Professional Jeweler Archive: A Well-Rounded Cutter

May 2004


A Well-Rounded Cutter

Bart Curren is renowned for his superb glyptic artistry, but he has other talents and abilities too

Friends always told Bart Curren he should cut something mysterious, opaque and black – just as an experiment. Something like obsidian or nephrite jade, they said.

In lighthearted response, Curren descended into his father’s back yard and hacked loose some common black basalt. He fashioned the rocks in his cutting studio, hewing the soft, curvy grooves and ridges of his signature style. He polished parts of the basalt to a gleaming luster and left others with a smooth, matte finish.

The beauty of the transformed garden rocks stunned his friends. Basalt, a volcanic rock that covers much of the earth’s surface, is hardly rare. But Curren transformed it into rare beauty. “Serious sales ensued,” Curren recalls. Time and again he assaulted his father’s garden to mine some more.

By that time, Curren had already made his name by cutting transparent gem materials, including quartz, tourmaline, garnet and others more of interest to jewelers than basalt.

He had been cutting the gems since his interest was ignited in 1979. “I met a person cutting fire agate at a grocery store in Topanga Canyon, near Los Angeles. I couldn’t believe how incredibly beautiful fire agate was,” he says. He went on to work for gem expert Larry Gray, clipping agate rough and preparing it for cutting and learning about fashioning fire agate, perhaps one of the most challenging gems to cut. “Each fire agate designs itself through its own color layers,” he says. “Successful cutting becomes intuitive because a cutter has to feel and know where the layers within the stone are and to know when to stop cutting. That free-form style is what got me into abstracts to begin with.”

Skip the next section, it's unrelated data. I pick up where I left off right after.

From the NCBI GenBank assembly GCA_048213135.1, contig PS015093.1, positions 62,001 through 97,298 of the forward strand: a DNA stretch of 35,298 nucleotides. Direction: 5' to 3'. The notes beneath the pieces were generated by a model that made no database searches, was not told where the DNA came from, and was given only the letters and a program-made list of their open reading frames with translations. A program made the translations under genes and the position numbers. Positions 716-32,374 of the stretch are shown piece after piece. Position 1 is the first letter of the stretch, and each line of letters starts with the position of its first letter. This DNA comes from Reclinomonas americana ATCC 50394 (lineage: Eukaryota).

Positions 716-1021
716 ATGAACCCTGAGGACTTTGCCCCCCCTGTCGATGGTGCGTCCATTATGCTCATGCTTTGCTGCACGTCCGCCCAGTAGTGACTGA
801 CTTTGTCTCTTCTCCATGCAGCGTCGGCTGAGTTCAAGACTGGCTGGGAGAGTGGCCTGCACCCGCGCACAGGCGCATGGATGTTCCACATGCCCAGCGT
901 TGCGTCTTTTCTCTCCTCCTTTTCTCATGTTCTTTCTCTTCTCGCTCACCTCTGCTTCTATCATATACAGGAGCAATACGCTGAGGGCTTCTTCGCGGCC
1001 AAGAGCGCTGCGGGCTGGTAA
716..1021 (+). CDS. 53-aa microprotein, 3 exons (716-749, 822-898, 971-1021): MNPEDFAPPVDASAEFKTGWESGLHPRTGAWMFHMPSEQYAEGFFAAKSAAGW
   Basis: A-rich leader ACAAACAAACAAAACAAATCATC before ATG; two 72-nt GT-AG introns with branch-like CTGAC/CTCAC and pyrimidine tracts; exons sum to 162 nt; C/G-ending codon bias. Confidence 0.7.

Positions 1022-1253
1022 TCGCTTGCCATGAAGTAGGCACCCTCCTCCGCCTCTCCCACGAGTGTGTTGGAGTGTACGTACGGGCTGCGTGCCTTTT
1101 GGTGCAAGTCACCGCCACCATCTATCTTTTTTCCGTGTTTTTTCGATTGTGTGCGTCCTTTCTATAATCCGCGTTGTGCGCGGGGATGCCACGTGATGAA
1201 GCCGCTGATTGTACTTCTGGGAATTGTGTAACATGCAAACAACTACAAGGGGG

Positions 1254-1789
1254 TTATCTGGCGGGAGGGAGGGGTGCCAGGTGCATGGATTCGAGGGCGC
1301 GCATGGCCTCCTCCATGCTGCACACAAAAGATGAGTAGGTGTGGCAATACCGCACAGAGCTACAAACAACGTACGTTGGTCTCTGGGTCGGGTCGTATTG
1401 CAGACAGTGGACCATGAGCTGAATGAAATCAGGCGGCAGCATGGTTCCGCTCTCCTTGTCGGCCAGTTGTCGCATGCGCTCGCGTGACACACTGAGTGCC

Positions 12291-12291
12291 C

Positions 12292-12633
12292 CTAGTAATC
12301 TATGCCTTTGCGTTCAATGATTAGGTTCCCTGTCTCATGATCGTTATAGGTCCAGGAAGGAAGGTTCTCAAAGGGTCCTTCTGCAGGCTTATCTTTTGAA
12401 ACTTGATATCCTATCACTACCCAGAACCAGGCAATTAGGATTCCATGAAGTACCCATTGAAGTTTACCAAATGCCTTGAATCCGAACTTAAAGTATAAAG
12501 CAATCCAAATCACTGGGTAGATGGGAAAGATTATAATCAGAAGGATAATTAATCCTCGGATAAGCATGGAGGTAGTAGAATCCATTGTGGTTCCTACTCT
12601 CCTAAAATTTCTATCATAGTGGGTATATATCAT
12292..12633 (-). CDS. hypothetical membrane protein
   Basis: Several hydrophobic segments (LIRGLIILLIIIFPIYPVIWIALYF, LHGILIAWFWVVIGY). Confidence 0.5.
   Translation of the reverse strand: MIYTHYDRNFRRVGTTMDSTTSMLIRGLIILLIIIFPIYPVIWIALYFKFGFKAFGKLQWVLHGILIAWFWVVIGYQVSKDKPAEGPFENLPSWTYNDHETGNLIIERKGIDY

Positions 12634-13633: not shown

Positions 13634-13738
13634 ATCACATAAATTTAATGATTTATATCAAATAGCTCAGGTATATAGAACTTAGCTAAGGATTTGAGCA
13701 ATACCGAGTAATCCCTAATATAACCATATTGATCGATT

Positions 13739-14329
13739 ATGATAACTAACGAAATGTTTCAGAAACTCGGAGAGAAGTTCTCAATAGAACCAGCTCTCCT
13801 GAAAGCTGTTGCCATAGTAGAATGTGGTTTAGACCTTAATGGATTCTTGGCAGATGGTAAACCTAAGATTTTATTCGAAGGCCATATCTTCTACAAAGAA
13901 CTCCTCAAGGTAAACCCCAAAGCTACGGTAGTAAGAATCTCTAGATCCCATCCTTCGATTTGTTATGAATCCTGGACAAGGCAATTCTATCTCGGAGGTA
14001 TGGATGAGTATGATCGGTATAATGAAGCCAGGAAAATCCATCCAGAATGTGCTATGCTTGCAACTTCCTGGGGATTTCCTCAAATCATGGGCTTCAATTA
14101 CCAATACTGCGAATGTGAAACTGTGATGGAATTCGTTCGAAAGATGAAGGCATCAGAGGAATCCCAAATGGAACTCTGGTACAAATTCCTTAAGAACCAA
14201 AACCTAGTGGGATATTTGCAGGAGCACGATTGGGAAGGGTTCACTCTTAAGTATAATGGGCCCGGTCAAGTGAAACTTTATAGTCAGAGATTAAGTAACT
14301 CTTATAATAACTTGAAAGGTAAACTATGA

Abstract Beauty

Within a few years, Curren stopped working for Gray and enrolled in a Gemological Institute of America home-study course. Upon graduation, he went to work for GIA for nearly a year, fine-tuning his gemstone knowledge. He also was busy experimenting with cutting styles.

In the late-1980s, Curren took stock of what other cutters were doing. German glyptic master artist Bernd Munsteiner’s abstract carvings were celebrated around the world. “It showed me a whole new dimension in gem cutting,” Curren says. “Seeing his style influenced me greatly. It changed my ideas of where I wanted to go with gems.” Other U.S. cutters – including Michael Dyber, Henry Hunt and Steve Walters – began to show their own brand and style of abstracts. Curren soon became a major part of that pioneering U.S. contingent.

He left GIA to work on his own as a gem cutter and immediately solidified his signature look. “Whereas Munsteiner’s style revolved around sharp facet junctions reminiscent of what you see in traditional faceted gems, mine evolved as soft-edged and rounded. I called them ‘cloud formations’ at the time.”

Interest in his work skyrocketed. He formed exclusive relationships with gem dealers to promote his work. “Because the work was new and different, a lot of retailers loved it,” he says. “But many jewelers didn’t know how to set stones like these.” After a few years, demand for free-style cutting like his subsided. Curren recalls those years as bleak.